Transcontinental Railroad Drive

Transcontinental Railroad: Northwest Utah Road Trip Day 1

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Road Trip

Last Fall Keith was taking a new job and decided to take a week off between jobs for a short trip, actually I convinced him to take this time off!! There are several locations just northwest of us that we had been wanting to check out.  We thought driving the Transcontinental Railroad and the Pony Express Route would be the highlights of the trip, but there was so much more along the way!  This adventure ended up being way cooler than we expected!

Check out our Video

Weekend Itinerary

Thursday: lunch in Odgen, ATK Rocket Garden, Golden Spike National Monument, drive the Transcontinental Railroad, Spiral Jetty, Sun Tunnels, stay the night in Wendover, NV (small casino strip)

Friday: Historic Wendover Airfield, Bonneville Salt Flats, stay in Wendover

Saturday: drive the Pony Express Route back near our home, stopping at the geode beds and hopefully seeing wild horses that are known to be in that area

We used this guide from Utah.com for Day 1 – Northwest Railroad Trail Expedition

Time Off Between Jobs

Keith and I were already been enjoying his time off between his jobs. We spent each day doing something from our summer list; for example we hiked, went out for lunch, did a little shopping and went to a Bee’s game. It was nice to have a week to ourselves and not be worried about anything related to work. Keith was anxious to start his new job, but that’s not the same as having work waiting to be done.

Donut Falls

Donut Falls

Bee's Game

Bee’s Game

"Y" Mountain

“Y” Mountain

"Y" on the Mountain above BYU

“Y” on the Mountain above BYU

Willow Heights Hike

Willow Heights Hike

Willow Heights Hike

Willow Heights Hike

Starting the Long Weekend

Our long weekend started on Thursday as we enjoyed a relaxing and equally slow-paced morning. After sleeping in, we dropped off Lexi at the boarding facility and then headed to Ogden for lunch. We really hadn’t been north of Salt Lake City so it already felt like a vacation even though we weren’t very far from home. Ogden is located about 40 miles north of SLC and we enjoyed getting a preview of the city, especially historic 25th Street. It’s such a fun area full of restaurants and shops. Pig and A Jelly Jar was the perfect first stop on our trip. We loved the vibe of this restaurant and our breakfast was absolutely better than our already high expectations!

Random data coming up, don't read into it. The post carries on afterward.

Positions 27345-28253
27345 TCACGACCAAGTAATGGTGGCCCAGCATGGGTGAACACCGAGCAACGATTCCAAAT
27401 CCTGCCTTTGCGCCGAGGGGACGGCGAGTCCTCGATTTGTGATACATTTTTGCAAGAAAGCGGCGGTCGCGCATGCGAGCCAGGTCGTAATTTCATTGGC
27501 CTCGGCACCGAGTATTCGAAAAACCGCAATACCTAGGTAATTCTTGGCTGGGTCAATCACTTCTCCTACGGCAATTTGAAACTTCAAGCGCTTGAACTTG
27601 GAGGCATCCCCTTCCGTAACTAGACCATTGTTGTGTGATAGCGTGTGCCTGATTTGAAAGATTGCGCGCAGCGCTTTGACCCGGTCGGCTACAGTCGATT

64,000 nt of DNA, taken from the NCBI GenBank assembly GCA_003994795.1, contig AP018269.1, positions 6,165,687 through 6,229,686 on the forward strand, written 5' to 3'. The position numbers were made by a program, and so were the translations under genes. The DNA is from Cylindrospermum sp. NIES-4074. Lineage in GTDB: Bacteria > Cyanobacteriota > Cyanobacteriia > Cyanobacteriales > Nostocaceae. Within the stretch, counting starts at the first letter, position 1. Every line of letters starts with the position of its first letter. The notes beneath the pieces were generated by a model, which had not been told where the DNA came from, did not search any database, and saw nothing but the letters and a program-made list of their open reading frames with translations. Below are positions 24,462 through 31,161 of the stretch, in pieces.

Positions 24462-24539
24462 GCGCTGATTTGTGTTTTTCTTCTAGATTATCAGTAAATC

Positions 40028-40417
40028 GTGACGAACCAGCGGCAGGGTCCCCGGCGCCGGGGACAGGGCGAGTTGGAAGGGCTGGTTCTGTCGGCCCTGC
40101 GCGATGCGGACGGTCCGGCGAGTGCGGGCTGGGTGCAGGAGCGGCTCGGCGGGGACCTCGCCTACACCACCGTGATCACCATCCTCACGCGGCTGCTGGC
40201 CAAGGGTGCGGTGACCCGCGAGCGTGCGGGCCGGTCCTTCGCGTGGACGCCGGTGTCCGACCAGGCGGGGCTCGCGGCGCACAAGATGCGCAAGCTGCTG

Historic Ogden, Utah

Historic Ogden, Utah

Pig and A Jelly Jar

Pig and A Jelly Jar

ATK Rocket Garden

The ATK Rocket Garden in Corrine, Utah is a must stop if you are heading to the Golden Spike National Historic Park.  Located only a couple miles out of the way, it’s very impressive. The “garden” features rocket boosters and missiles that each have plaques of information for a self-guided tour. 

Of course, Keith was super excited to read all the plaques and tell me everything he already knew about rockets.  It was definitely an unusual site. It felt like we were out in the middle of nowhere, yet this is a large rocket facility and you just know big things are happening inside the building.

ATK Rocket Garden

ATK Rocket Garden

ATK Rocket Garden

ATK Rocket Garden

Golden Spike National Historic Park

Golden Spike National Historic Park was up next on the agenda and this was so much more interesting than I thought it would be. On May 10, 1869, the Union and Central Pacific Railroads joined their rails at Promontory Summit, Utah with the last spike driven into the railway. I started to remember what I was taught in grade school about this event.  It’s pretty cool to think I’d read about it once in a book and now I was at this landmark.

The visitor center offers a great small museum of artifacts that really have you imagining what it was like on that day. You can walk out to the site of the golden spike where two replica steam locomotives give you a feel for the history there. We didn’t get to see it, but they have live reenactments of this event.

Note: The original golden spike is on display at Stanford University.

Golden Spike Site

Golden Spike Site

"The last tie laid on the completion of the Pacific Railroad, May 1869"

“The last tie laid on the completion of the Pacific Railroad, May 1869”

Golden Spike National Historical Park

Golden Spike National Historical Park

railway

railway

artifacts found in the museum

artifacts found in the museum

Driving the Transcontinental Railroad Byway

The Transcontinental Railroad Back Country Byway is a 90 miles old rail bed road passable by high clearance vehicles. The desolate landscape seemed haunted at times, but eerily peaceful too. Basically nothing remains of the railroad towns on this stretch of railway, yet it’s an interesting drive.